D: Would you have rather had the
game been in your hands, rather than
watch your championship hopes riding
in someone else's hands?
R: Of course I would have rather had
the game in my hands and been up at the
line. But considering that (Rumeal) was
the one up there, I had to support him.
D: How do you think the college
game has changed since your days at
Michigan?
R: I really don't think it's changed
that much. I think there aren't as many
guys that can really stick the jump shot.
Everyone seems to be more concerned
with dunking. But back when we were
in college, people were able to really
knock down the jump shots. Other than
that, I don't think it has really changed.
D: What about as far as the game get-
ting younger with so many underclass-
men .leaving early for the NBA draft?
R: Well, yes, a lot of guys are leav-
ing early now. The only thing I can say
about that is that if the opportunity pre-
sents itself for them to go pro, and they
pursue it, then that's their decision. But
they are really missing out on a great
experience - going through college
and finishing up.
D: What are your feelings toward

(Michigan forward) Maurice Taylor's
decision to forgo his senior year and
enter the NBA draft?
R: Well, I think I would always say I
wish guys would stay and finish out
their college career. Whatever decision
he made, as a former Michigan
Wolverine myself, I would have to
stand behind him..But again by leavin
he will certainly be missing out on
final year, not only playing ball, but also
just living life at the college level.
D: You spoke about guys in college
now not being able to knock down the
jump shot as they did when you were in
school. One current Wolverine, Louis
Bullock, recently broke your record for
most three-pointers at Michigan, and he
can certainly knock down the open
jumper. Does he remind you at allo
yourself when you were a Wolverine.
R: He broke my record? I didn't
know that. Well, I wish him the best and
congratulate him on breaking my record
- I guess records are meant to be bro-
ken. He can absolutely shoot the ball,
but I think he is more of a set-shot shoot-
er. I don't really remember myself at
school as really much of a set-shot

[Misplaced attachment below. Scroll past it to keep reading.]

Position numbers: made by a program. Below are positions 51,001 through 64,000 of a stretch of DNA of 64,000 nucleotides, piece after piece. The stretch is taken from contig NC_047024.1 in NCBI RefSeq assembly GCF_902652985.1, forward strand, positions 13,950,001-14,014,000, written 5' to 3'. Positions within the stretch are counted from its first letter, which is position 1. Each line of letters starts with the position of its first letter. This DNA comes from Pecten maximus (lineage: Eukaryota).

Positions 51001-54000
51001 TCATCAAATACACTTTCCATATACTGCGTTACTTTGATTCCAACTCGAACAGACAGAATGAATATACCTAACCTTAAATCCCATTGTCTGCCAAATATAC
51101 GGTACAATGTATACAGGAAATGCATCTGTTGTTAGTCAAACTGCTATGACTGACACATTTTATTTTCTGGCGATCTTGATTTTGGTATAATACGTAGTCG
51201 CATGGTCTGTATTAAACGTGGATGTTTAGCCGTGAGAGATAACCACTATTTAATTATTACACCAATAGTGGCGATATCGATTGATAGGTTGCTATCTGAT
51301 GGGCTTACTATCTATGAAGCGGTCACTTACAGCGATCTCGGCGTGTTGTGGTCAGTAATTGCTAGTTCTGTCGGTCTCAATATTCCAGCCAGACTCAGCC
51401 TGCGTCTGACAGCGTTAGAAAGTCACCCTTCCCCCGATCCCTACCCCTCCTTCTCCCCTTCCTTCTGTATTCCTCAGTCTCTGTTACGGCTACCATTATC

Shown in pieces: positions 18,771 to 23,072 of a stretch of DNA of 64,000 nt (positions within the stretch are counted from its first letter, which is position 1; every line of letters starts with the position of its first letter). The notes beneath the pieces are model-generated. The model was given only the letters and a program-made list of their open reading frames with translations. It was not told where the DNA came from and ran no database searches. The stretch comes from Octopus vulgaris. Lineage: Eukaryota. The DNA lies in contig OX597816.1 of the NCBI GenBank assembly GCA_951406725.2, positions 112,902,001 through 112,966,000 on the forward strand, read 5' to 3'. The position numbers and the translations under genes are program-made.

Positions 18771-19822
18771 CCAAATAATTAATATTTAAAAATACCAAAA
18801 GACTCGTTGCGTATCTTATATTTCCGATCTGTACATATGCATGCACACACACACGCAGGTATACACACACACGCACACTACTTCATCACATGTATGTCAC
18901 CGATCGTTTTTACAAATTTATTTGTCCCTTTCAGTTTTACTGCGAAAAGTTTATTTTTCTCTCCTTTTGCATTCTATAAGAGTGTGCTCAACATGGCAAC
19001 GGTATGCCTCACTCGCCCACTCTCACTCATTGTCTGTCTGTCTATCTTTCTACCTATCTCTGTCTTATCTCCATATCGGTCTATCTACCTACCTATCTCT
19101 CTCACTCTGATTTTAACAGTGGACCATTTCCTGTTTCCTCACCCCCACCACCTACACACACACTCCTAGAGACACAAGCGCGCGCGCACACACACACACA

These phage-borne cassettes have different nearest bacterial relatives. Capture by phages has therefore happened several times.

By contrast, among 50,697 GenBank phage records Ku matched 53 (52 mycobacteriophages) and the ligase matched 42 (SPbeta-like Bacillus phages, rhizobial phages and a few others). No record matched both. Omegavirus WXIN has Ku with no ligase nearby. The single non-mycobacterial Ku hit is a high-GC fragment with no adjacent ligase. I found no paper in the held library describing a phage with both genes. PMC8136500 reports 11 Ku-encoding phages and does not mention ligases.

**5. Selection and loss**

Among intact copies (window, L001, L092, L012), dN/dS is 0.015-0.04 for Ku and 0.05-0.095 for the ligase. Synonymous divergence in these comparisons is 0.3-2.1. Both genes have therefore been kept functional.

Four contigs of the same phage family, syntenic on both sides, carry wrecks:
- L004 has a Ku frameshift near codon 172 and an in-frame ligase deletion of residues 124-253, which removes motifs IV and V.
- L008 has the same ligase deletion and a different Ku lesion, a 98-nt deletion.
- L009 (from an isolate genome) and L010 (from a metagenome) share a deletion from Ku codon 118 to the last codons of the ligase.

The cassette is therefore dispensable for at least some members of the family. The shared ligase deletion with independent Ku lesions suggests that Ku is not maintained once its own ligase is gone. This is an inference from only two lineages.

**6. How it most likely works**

shooter as much as just a shooter off the
dribble or off a pick; but he can defi-
nitely stroke the ball.
D: Growing up in the Detroit area ant
playing your college ball in the area, I'm
assuming you grew up a Pistons fait.
What is it like coming back to Detroit
the past couple years, playing against
your old home team?
R: I've always watched the Pistons
through my years at college and grow-
ing up in Flint. I was always very sup-
portive of them, but they weren't my
favorite team. I was always in love wi*
Philadelphia for the simple fact that Dr.
J played there. And after he stopped
playing, I really didn't have a favorite
team anymore.
D: You won the MVP this year at the
All-Star game. How does that fit in the
scheme of things as far as your goals in
this league?
R: It was a great accomplishment.
Individually I was very proud of that
award and of what I have done this ye
I just want to continue playing well, a
really continue winning as a team. It
was a great honor, but the main goal is
always to win the championship.

ships with those guys now that you are
competing against them at this level?
R: It's fun going against Terry. Ever
since I've known him he's been a com-
petitor, like Loy Vaught, Gary Grant -
it's always good to see them. But
they're not on my team anymore and
now I have to go out and do my job
against them.
D: Loy Vaught has talked about dar-
ing you to shoot more three pointers
when you guys were here at Michigan,
and about your friendship off the floor.
How is your relationship with him and
the other guys from Michigan now, off
the court?
R: Well, there is definitely a mutual
respect between myself and Loy and the

other guys from U of M. I've been fol-
lowing Loy's career since he came to
the NBA and I think he's an been doing
a tremendous job considering the team
he's been with all these years. He is an
outstanding shooter for such a big man.
As far as off the court, I really haven't
had enough time to spend with those
guys. I saw Gary (Grant) a lot over the
summer because he is down in Miami
(Rice's off- season residence) now, but
that's been about it.
D: How about following Michigan
basketball, have you been able to follow
Michigan basketball since graduating?
R: The only chance I really have to
follow Michigan has been on television.
Every chance I get to watch them, I try